Clashes between Syrian government forces and militants have erupted in the divided city of Aleppo after a unilateral ceasefire announced by Russia came to an end.
The ceasefire expired on Saturday evening, after a one-day extension on Friday. The truce was aimed at permitting civilians and foreign-sponsored militants to leave the eastern areas of the city.
During the ceasefire, eight humanitarian corridors were set up for people to leave to the city, but according to reports they were seldom used.
Chief of the Main Operational Directorate of the General Staff of the Russian Armed Sergei Rudskoi said that militants were stopping people from using the corridors, using civilians as human shields.
“The terrorists are using the ceasefire in their interest… We are seeing them massing around Aleppo and preparing for another breakthrough into the city’s western neighborhoods,” he said.
According to the Syrian Observatory for Human Rights, fierce clashes broke out along the line dividing the city with exchanges of heavy artillery fire.
Aleppo, Syria’s second largest city, has been divided between government forces in the west and the militants in the east since 2012. In an attempt to free the trapped civilian population and to end the militants’ reign of terror in the east, the Syrian army, backed by Russian fighter jets, began a major offensive on September 22.
Both Russian and Syrian Air Force fighter jets stopped their bombing of the militant-held neighborhoods in Aleppo on Tuesday – two days ahead of the truce.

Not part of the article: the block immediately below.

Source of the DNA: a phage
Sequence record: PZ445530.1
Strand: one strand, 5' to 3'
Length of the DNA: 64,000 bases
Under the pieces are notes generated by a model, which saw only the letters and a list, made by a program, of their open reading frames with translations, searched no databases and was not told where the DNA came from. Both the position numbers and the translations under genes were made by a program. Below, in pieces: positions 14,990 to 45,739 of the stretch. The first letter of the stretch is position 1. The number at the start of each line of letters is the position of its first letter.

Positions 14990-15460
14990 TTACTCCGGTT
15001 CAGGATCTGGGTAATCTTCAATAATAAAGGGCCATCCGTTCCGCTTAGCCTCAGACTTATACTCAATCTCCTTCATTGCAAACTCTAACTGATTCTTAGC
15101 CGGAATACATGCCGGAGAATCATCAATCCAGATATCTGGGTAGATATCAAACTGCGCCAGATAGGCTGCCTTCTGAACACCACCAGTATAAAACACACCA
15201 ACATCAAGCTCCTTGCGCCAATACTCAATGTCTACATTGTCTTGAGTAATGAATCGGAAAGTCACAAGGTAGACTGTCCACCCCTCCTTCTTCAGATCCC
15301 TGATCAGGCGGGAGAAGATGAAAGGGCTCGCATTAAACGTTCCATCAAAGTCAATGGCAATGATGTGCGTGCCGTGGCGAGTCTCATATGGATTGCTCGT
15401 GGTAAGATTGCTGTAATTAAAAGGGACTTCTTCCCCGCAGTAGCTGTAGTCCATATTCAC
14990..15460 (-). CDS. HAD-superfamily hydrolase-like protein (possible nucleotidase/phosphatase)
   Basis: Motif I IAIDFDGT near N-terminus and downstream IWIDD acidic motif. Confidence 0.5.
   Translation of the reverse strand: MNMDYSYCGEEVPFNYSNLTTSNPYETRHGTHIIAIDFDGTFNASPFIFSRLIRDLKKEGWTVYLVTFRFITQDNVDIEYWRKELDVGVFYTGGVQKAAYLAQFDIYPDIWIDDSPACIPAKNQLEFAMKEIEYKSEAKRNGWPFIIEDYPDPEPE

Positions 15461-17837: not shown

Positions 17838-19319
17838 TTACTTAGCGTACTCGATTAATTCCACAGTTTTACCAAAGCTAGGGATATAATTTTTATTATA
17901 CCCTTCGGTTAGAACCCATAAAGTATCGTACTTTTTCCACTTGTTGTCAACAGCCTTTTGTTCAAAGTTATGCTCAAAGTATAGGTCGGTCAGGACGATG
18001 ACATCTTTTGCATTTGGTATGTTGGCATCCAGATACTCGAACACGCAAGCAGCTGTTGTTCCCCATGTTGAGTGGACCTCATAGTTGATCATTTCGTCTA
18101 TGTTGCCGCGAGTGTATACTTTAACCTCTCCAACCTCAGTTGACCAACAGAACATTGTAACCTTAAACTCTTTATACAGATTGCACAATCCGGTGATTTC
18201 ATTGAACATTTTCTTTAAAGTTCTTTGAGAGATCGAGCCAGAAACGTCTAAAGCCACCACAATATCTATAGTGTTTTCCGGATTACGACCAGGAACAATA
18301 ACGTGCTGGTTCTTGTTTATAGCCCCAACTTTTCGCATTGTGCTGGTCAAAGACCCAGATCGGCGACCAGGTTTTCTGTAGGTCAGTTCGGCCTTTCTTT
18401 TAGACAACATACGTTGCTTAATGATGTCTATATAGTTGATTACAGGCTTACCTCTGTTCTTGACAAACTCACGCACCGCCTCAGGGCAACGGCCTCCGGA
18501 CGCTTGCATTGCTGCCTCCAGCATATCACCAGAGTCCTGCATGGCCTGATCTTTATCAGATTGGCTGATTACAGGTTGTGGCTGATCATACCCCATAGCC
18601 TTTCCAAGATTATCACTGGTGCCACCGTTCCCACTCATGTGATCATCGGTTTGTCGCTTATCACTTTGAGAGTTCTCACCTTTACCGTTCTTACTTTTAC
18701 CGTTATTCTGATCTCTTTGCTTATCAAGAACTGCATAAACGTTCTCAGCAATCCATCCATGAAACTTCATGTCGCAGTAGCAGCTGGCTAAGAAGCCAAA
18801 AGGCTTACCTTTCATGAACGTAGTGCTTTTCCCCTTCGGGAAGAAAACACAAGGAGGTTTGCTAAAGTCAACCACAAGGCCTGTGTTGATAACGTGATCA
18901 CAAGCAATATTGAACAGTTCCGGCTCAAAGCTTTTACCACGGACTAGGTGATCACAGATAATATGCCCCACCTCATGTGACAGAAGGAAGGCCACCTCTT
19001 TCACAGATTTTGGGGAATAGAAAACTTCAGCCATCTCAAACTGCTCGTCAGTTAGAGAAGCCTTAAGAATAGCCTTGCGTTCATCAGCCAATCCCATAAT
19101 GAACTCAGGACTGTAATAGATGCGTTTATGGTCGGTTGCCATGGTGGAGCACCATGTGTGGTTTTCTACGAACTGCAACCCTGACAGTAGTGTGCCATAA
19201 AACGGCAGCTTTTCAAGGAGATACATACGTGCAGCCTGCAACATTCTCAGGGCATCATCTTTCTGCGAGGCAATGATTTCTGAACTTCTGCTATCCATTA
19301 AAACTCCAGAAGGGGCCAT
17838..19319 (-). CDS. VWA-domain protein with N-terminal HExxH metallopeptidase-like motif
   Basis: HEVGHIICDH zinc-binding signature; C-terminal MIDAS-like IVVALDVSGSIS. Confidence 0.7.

Chemical weapons in Syria
Meanwhile, French Foreign Minister Jean-Marc Ayrault has urged the United Nations Security Council to censure the use of chemical weapons in Syria, and called for those responsible to be sanctioned.
“I want … a clear condemnation of these crimes in a resolution from the UN Security Council … that places the perpetrators under sanctions,” he said.
Ayrault’s comments come one day after a UN report claimed that chemical weapons had been used by Syria in a village in 2015 and that Daesh had used mustard gas in several of its attacks.
“The Syrian army and Daesh have used chemical weapons against civilians on at least three occasions…These acts are inhuman and unacceptable,” he said.
The Syrian government has on multiple occasions rejected such allegations. Damascus accepted to hand over its stockpiles of chemical weapons to the OPCW-UN joint mission in 2013 when it signed the 1997 Chemical Weapons Convention under a deal brokered by Russia and the US.
“France will not accept that the use of chemical weapons in Syria, which has now been proven beyond doubt … should remain unpunished,” he said. “We call on all our partners in the Security Council to assume their responsibility.”
Since March 2011, Syria has been hit by deadly militancy it blames on some Western states and their regional allies. Russia has been conducting airstrikes against Daesh and other terrorist groups at the request of the Syrian government since September last year.